By: Mark Lane (@therealmarklane)
Well, it happened again.
The Dallas Cowboys lost in the NFC Divisional playoffs 34-31 to the Green Bay Packers to become the first No. 1 seed since the 2012 Denver Broncos to lose after their playoff bye week. And it also gave the Cowboys the ignominious distinction of having the most divisional playoff losses after earning the No. 1 seed since 1990.
Stop me if you haven’t heard this story four other times since 1996.
Last week, I argued how the Cowboys having a bye was a benefit, and it still was a benefit. Just because two bye-week teams lost in this year’s playoffs doesn’t mean teams should avoid taking wildcard weekends off. The number from last week improves to 27/108 since 1990 on wildcard teams winning in the divisional round.
Since 1996, we have bore witness to the Cowboys being both the wildcard winner looking for an upset (’96, ’09, ’14) and also the home favorite out to protect home-field (’07, ’16). And every result is the same: Dallas conducting their exit interviews and physicals on a Monday in mid-January.
Let’s just trot out George Santayana and his famous quote about folks who don’t learn from their history constantly repeating it.
But here is why the 2016 playoff loss is different from 2007. First of all, the 2007 squad was built on one offensive element: passing the ball. That was the year first-year starting quarterback Tony Romo broke single-season team records in passing yards, completions, and touchdowns. Receiver Terrell Owens caught 15 touchdown passes and broke Frank Clarke’s record. Tight end Jason Witten caught 96 passes. The Dallas aerial assault coordinated by first-year offensive coordinator Jason Garrett was the wave of the future that was washing ashore in the present.
When Dallas got into the playoffs, they were beat up and unhealthy. Owens was trying to rehab from an ankle injury. Center Andre Gurode was hurting and the offensive line was nearing the downside of its prime, and it showed against the Giants pass rush. The Cowboys weren’t able to run the ball effectively.
These were the same issues that consistently plagued the Cowboys from 2008-10 until Dallas rebuilt the offense around Romo with Tyron Smith at left tackle and DeMarco Murray at running back. The run couldn’t get anywhere or would be given up on, Romo would have to mount a game-winning drive, and he would have to avoid a pass rush the whole time. How else do you think we got the patented Romo Spin?
The Cowboys earned their No. 1 seed and 13-3 record in 2016 with the best running game in the NFL. Ezekiel Elliott gained 1,631 yards on the ground and averaged over 100 yards a game. The offensive line is just now hitting its prime and appears to be reloading with youngsters such as La’el Collins and Chaz Green stepping up.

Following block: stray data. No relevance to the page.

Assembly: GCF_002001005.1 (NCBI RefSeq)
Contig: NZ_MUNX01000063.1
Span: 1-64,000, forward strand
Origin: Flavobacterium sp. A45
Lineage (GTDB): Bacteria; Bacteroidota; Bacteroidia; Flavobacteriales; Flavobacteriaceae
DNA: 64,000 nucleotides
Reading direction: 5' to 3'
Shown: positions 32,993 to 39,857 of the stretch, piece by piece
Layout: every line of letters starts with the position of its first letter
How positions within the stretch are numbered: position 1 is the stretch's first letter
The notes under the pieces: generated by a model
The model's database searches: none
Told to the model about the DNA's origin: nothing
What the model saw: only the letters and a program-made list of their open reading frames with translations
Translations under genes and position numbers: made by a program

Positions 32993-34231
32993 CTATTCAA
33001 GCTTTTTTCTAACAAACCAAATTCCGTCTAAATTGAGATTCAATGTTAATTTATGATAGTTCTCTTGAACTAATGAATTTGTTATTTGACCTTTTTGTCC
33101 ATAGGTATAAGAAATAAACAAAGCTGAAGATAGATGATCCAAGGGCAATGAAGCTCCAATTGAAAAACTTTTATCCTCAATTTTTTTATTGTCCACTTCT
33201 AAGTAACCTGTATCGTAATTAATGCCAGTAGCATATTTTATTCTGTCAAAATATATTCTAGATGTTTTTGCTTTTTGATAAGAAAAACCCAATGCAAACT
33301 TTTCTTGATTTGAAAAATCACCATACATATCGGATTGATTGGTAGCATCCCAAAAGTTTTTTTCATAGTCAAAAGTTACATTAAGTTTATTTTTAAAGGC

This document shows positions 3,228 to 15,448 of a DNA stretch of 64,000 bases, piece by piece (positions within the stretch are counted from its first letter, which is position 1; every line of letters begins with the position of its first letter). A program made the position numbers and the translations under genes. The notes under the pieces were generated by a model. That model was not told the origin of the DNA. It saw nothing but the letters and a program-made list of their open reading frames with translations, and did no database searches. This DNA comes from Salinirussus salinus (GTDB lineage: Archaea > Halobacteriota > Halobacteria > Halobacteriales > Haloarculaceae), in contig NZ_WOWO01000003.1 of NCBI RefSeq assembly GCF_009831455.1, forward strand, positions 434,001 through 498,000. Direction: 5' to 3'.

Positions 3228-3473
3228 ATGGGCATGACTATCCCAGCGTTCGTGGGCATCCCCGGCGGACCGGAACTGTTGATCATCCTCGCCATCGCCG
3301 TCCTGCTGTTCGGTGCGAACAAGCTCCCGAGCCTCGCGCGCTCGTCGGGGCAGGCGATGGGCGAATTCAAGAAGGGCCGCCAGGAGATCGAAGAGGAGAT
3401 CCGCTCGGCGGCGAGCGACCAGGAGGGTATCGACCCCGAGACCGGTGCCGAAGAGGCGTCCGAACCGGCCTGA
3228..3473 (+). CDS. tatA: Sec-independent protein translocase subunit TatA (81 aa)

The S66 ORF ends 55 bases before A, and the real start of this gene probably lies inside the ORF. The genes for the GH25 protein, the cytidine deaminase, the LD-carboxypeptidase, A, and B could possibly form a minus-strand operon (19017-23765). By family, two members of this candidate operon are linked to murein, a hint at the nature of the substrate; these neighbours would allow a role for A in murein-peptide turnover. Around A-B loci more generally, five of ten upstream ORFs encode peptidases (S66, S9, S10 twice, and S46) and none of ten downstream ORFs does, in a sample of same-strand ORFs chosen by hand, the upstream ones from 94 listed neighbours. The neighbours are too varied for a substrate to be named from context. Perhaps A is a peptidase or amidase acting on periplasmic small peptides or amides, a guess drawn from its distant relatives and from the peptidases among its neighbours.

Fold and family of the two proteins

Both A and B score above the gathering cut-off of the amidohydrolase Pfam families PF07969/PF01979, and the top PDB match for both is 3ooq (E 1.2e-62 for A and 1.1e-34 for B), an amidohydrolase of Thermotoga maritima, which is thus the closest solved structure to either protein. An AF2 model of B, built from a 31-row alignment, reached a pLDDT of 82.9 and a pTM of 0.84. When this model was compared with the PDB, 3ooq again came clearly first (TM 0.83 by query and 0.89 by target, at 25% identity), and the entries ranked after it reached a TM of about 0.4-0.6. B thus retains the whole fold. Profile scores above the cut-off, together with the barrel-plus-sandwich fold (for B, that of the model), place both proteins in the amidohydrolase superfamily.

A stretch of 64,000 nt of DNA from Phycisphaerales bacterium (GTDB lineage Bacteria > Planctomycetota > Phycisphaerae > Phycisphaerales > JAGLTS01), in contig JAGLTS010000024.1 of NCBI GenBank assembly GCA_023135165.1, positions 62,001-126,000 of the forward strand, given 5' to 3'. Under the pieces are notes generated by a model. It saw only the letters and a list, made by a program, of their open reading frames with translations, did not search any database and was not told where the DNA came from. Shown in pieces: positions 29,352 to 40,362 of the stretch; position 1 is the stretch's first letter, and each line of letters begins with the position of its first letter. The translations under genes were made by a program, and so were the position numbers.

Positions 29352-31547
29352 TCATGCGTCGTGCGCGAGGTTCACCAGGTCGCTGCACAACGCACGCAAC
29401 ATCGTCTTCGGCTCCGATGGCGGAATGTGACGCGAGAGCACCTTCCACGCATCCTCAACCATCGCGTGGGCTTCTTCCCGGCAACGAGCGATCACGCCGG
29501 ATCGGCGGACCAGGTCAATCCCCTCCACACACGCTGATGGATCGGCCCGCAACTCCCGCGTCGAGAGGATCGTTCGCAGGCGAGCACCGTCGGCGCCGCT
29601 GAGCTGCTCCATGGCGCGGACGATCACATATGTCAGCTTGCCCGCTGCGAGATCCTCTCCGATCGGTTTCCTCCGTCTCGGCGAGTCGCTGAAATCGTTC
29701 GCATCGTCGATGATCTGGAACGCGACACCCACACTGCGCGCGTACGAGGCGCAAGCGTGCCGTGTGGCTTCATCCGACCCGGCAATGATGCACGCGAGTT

What made 2014 unbelievable for many Cowboys fans was the fact they jumped out to a 6-2 start when the narrative was Romo would break his back on the next snap. In fact, you had commentators parading around like Chuck Schumer, so sure of themselves that Romo would crack his back and be out for the season. Well, technically, he did miss a game due to a back injury, but it was a transverse process fracture and not anything related to his herniated disc. But how Dallas protected Romo’s back was by giving it to Murray and letting him set the Cowboys’ single-season record for rushing yards and going 12-4 and winning the NFC East.
The same formula was followed in 2016, but just sub out Dak Prescott for Romo and Elliott for Murray. It was the exact same formula, and it worked. And the formula is the exact same one from the 1990s: have an elite offensive line and build your offense off the big uglies up front.
Obviously, teams are going to study tape on how to defend this Cowboys offense in the off-season. But recall what Jerry Jones said about what fellow NFL competition committee members told him after Dallas won Super Bowl XXVII. We’re talking legendary Don Shula, Tom Flores, Marty Schottenheimer, and longtime New York Giants general manager George Young telling him how they knew what the Cowboys were running but couldn’t stop them.
“They told me everybody in the league is reading your signals from the sideline,” said Jones. “And everybody knows when you’re going to pass or run and they usually know the play and they can figure out which way you’re going to go. But so much for knowing what you’re going to do, we can’t stop you even though we know where you’re coming and when you’re going to do it.”
Though Prescott and Elliott will be under center and in the backfield for the next 10 years, the Cowboys’ postseason chances are linked to the effectiveness of that road-grading offensive line. The 2007 squad didn’t have that same offensive line, and that is why the Romo Cowboys never earned another first-round bye. Don’t expect it to be the case this go-around.